For More Information: Light Work

Preview: “A Separate View” Christopher Kennedy and Richard Sherman, Red Filter Gallery, Lambertville, NJ

In Black and White Photography, Exhibits, Gallery, Photo Print Collector, Photographer on November 1, 2014 at 1:35 pm

Chris Richard Promo

Red Filter Gallery is proud to present the work of Christopher Kennedy and Richard Sherman. Kennedy uses light abstractions to produce wonderful images that examine  reality with imagination. Richard Sherman takes advantage of his wide travels to present landscapes from South America that have a magic all their own.

“Things Known and Things Unknown”

My images  utilize the Photo Luminism technique, a method I devised for creating complex abstractions of light. It involves rehearsed manipulation of the camera, settings and lens that have been meticulously crafted  to recreate an image in my mind.  – Christopher Kennedy

“Patagonia: Nature’s Elements as Adversaries”

My photographs range from serene landscapes and seascapes to dramatic black and white images and beautiful color abstracts. I travel extensively and will be exhibiting select black and white images from Patagonia in this series. – Richard Sherman

Both artists have exhibited in multiple venues and have placed their works in collections spanning a broad area of interest.

November 4 until January 11

For more information:Red Filter Gallery

Preview: Ian Ruhter “Silver & Light”, Fahey Klein Gallery,LA

In Exhibits, Gallery, Photo Print Collector, Photographer on October 21, 2014 at 1:14 pm

Ian Ruhter Exhibition


A new exhibit for Ian Ruhter:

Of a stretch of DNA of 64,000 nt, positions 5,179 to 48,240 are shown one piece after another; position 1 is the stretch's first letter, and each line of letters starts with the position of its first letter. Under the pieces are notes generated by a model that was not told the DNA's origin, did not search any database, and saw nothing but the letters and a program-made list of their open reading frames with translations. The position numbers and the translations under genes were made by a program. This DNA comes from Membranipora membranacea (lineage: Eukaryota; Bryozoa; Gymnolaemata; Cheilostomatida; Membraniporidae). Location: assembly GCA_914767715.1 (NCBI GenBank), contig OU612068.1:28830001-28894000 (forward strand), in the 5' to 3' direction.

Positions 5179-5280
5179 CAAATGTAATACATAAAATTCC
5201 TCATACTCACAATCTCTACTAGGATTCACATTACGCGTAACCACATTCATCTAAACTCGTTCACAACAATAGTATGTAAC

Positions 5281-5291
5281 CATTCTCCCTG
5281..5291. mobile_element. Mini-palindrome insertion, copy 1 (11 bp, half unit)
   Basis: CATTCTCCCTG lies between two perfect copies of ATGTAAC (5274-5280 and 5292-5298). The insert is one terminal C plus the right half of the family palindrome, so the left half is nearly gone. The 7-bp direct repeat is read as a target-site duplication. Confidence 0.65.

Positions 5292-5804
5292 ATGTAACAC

Ian Ruhter had been working as a successful commercial and sports photographer when he first discovered the wet plate collodion process.The nineteenth century photographic process involves pouring a liquid mixture of iodides, bromides, and a solution called collodion over a glass or aluminum plate. The plate is then bathed in silver nitrate, making it light-sensitive. The plate must then be quickly exposed and developed in just a few minutes, before the collodion dries and loses sensitivity. The process is expensive, laborious, and extremely unpredictable. Temperature and moisture affect the chemicals greatly and can entirely alter the developing process, ruining a wet plate. But the results of this labor intensive process are undeniable– a completely unique and incredibly detailed image, with rich layers of silver suspended in emulsion producing a three dimensional effect. Because the process is produced and controlled entirely by hand, each plate is inherently unique, with the chemicals’ process leaving irregular and impossible to reproduce beautiful ghostly shadows, halos, and ripples in each plate.

Now through November 29.

For more information:Fahey/Klein Gallery



Notable: Eadweard Muybridge Panorama, Scott Nichols Gallery, San Francisco, CA

In Black and White Photography, Exhibits, Gallery, Photo Print Collector, Photographer on October 16, 2014 at 10:56 am
San Francisco Panorama, Eadweard Muybridge

San Francisco Panorama, Eadweard Muybridge

The adage is that things used to be made better. There are multiple pieces of evidence, however,  they didn’t always recognize how good was the quality. Case in point, this great find:

This San Francisco Panorama photograph by Eadweard Muybridge hung in the Crocker Land Company offices at 560 Market Street for decades. Recently it was rediscovered by a collector who recognized its value as one of the rare Muybridge panoramic views of San Francisco measuring over seven feet long and housed in a handsome period wooden frame.

11 mounted prints, 1877. Printed & mounted by TE Hecht circa 1895, from Muybridge’s original negatives.

Frame: 19-1/2” x 97-3/8”
Mount: 11-7/8” x 89-7/8”

It’s not that often a photo with size this staggering, let alone the provenance, appears on the scene. Add to the fact that it so beautifully portrays one of America’s most admired cities, any fan of photography within a stone’s throw of the Golden Gate should give it a look.

For More Information: Scott Nichols Gallery